Life is driven by proteins as molecular machines. To properly understand these, detailed 3D protein structure models are needed, giving unique insight into biology and helping the development of drugs. However, obtaining reliable protein structure models is challenging and labour-intensive. We have developed automated computational methods, collectively named PDB-REDO, to optimize thousands of protein structure models such that they are more complete and have fewer errors, thereby allowing a better understanding of biology. The automation also saves valuable time for scientists. Our website and services are used by over 10,000 people every month.
The methods that we created heavily use the concept of homology. Homologous protein structures remain similar during evolution. For instance, the proteins that copy DNA are almost identical in humans and chimpanzees, but even those from tomatoes have similar 3D structures. Often, if multiple homologous structures have been solved and one more is solved, the existing data are not used to their full potential. Our methods are the first to systematically use all available homologous structure models to extract structural knowledge and were applied to improve protein structure models in several ways. The collected data is also visualized in a website (lahma.rhpc.nki.nl) that shows scientists where and how a structure model is different from its homologs. We also extended the work from proteins to carbohydrates and metal ions in protein structures, providing algorithms to correct and avoid mistakes in these complexes.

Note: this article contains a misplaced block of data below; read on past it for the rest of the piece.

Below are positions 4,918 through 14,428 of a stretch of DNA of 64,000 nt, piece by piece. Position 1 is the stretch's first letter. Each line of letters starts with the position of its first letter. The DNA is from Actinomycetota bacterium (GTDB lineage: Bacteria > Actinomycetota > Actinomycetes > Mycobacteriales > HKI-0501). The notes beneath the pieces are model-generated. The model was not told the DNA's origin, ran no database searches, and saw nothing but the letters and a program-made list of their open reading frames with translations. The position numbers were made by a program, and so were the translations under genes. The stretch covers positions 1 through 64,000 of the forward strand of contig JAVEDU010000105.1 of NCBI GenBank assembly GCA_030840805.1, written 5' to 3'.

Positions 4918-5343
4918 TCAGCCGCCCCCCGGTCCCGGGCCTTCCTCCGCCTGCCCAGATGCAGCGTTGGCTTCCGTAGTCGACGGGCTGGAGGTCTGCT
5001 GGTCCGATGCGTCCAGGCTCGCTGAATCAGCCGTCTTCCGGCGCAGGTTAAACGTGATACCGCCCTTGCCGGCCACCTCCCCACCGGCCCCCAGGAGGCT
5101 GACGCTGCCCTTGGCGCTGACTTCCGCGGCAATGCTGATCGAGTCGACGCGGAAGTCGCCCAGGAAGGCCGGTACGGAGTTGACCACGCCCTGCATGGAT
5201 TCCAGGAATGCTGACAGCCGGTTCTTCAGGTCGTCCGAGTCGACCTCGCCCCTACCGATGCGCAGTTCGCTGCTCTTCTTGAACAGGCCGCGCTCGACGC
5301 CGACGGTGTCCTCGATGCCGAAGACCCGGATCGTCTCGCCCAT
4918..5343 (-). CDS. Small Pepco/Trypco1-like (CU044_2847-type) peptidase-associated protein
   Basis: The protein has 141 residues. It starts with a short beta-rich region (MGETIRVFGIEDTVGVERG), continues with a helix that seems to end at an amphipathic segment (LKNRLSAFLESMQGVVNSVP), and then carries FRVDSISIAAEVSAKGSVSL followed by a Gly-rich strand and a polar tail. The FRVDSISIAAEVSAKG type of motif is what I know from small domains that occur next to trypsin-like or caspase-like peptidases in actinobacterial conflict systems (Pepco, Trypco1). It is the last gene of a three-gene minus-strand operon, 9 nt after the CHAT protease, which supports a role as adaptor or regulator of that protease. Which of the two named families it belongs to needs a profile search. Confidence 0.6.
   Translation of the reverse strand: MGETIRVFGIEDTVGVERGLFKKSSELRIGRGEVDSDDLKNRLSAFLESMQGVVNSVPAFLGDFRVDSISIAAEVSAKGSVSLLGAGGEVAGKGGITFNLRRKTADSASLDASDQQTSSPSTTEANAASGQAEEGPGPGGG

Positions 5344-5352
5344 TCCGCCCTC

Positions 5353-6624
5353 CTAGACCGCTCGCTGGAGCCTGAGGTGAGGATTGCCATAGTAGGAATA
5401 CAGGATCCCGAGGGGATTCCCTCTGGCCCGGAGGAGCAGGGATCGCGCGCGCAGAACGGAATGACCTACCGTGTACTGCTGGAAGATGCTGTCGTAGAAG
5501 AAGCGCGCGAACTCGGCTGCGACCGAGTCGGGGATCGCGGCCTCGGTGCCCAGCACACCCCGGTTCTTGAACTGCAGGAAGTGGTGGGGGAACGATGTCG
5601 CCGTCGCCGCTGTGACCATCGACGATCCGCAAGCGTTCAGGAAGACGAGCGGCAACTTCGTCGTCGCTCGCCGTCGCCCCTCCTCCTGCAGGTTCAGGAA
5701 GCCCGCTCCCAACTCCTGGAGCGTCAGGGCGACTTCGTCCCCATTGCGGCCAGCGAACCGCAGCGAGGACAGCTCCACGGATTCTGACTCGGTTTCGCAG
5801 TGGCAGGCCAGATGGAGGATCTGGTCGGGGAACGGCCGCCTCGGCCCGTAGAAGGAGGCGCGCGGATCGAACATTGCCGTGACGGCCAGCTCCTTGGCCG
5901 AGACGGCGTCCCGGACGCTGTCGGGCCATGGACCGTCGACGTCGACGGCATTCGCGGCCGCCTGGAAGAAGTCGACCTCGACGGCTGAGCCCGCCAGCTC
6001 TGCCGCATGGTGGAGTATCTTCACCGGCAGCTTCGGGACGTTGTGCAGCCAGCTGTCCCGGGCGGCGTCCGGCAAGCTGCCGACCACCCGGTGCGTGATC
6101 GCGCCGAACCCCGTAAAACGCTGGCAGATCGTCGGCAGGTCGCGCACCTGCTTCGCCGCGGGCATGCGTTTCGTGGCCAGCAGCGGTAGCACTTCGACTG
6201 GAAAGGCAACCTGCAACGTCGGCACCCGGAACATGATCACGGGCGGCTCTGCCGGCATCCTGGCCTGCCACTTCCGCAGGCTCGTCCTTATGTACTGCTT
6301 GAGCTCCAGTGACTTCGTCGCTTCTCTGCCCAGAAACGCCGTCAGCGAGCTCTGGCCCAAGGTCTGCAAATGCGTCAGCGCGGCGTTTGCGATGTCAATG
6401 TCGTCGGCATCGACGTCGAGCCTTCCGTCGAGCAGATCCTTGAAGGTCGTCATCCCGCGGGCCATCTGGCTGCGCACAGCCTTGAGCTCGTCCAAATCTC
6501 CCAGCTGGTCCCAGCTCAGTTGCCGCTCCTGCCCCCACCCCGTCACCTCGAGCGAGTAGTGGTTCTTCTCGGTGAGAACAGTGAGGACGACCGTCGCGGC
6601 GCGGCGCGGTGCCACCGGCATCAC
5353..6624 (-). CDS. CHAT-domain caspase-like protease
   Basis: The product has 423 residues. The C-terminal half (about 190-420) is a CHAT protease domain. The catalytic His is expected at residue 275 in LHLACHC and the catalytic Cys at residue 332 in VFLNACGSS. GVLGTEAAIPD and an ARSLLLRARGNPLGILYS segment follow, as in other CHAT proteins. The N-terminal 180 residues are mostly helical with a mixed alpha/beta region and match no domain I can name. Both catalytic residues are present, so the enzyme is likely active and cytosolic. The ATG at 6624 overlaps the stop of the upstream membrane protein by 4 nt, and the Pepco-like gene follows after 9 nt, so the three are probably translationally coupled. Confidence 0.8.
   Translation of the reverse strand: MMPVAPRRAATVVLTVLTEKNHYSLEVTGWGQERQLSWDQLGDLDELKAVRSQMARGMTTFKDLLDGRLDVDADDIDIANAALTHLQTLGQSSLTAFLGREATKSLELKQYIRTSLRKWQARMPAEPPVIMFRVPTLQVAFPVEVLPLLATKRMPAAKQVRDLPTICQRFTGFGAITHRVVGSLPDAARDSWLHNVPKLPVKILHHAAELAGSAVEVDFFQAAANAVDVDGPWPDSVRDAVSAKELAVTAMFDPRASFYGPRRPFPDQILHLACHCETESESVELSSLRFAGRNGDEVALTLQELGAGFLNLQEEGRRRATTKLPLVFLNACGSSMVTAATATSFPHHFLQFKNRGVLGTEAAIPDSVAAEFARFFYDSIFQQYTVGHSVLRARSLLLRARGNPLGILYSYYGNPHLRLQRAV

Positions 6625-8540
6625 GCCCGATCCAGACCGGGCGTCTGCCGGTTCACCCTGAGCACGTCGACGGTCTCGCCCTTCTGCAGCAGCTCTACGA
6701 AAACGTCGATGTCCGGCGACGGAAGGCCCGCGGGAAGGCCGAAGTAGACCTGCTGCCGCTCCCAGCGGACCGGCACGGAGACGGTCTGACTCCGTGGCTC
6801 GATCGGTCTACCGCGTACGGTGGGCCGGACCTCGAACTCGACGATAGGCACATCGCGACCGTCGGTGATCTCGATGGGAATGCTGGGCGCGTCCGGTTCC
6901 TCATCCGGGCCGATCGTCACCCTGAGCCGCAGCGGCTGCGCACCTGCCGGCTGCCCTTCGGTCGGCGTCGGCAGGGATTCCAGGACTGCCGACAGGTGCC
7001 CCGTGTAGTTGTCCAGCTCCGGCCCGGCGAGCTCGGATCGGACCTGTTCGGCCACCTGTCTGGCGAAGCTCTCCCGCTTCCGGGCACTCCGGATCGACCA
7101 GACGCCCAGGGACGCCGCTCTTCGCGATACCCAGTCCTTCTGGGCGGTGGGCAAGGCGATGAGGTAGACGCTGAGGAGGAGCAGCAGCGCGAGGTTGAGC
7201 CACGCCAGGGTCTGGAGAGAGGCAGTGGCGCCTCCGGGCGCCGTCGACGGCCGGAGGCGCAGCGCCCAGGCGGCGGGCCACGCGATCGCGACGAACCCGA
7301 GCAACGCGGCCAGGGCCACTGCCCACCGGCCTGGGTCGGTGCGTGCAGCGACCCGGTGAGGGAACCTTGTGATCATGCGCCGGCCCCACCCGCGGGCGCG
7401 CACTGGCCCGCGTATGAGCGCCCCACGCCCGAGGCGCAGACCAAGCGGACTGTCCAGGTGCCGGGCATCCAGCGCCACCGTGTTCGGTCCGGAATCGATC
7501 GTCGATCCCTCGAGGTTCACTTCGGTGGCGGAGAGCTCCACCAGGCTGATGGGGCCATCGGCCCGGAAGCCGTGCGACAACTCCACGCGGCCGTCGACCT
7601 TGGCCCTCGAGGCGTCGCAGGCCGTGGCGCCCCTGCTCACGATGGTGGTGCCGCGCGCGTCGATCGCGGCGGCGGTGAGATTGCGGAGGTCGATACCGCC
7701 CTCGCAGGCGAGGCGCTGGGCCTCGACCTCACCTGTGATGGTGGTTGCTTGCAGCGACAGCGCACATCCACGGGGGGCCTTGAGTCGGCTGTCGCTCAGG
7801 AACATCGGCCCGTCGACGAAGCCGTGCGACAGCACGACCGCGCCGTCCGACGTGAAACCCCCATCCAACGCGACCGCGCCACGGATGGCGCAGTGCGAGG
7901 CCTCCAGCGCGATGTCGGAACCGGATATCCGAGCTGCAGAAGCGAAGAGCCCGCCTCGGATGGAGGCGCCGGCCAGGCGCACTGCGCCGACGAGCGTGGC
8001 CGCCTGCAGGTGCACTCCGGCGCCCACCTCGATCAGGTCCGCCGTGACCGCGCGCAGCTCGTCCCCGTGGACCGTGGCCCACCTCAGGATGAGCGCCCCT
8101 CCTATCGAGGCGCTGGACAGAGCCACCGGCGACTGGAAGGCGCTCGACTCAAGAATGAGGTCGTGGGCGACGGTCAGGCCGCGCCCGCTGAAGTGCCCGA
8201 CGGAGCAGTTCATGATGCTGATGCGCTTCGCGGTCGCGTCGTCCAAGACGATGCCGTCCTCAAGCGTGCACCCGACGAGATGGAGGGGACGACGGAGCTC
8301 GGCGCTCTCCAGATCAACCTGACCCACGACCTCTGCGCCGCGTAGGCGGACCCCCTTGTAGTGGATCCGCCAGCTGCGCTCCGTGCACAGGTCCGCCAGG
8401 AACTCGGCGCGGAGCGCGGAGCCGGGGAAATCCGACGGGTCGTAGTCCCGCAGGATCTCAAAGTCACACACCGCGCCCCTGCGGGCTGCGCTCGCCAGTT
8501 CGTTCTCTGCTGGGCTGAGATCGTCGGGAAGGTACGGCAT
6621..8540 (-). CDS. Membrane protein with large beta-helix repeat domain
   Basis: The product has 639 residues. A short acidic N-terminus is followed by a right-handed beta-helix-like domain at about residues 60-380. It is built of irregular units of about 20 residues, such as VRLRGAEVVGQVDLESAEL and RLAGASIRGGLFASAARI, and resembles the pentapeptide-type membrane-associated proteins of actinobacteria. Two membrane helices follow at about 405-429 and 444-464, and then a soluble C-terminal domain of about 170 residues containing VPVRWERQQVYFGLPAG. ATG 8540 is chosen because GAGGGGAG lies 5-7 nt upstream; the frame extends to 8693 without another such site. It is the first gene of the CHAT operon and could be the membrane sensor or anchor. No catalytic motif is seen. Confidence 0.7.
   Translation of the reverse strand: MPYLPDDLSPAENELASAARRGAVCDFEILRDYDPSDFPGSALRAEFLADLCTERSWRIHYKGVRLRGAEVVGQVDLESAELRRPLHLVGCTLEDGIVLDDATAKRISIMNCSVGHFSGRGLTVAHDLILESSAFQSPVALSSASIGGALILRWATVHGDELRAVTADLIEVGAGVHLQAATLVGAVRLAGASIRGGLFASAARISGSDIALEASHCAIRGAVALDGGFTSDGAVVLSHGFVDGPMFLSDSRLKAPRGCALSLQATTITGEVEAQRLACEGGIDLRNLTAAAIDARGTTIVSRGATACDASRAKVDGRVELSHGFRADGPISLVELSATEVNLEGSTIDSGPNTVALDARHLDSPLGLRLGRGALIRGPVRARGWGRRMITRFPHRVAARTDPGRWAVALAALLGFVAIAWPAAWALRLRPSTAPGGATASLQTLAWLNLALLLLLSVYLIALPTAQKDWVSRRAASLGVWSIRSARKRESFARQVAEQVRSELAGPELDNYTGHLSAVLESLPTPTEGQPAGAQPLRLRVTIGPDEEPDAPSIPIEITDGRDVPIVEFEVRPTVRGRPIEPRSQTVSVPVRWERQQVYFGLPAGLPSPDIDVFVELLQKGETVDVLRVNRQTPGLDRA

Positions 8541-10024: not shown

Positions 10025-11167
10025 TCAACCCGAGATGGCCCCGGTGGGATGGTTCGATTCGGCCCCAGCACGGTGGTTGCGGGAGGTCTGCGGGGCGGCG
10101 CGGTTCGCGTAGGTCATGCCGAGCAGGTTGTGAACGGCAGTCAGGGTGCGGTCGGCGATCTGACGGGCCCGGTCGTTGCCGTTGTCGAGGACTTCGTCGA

This work helps many researchers to easily obtain better protein structure models.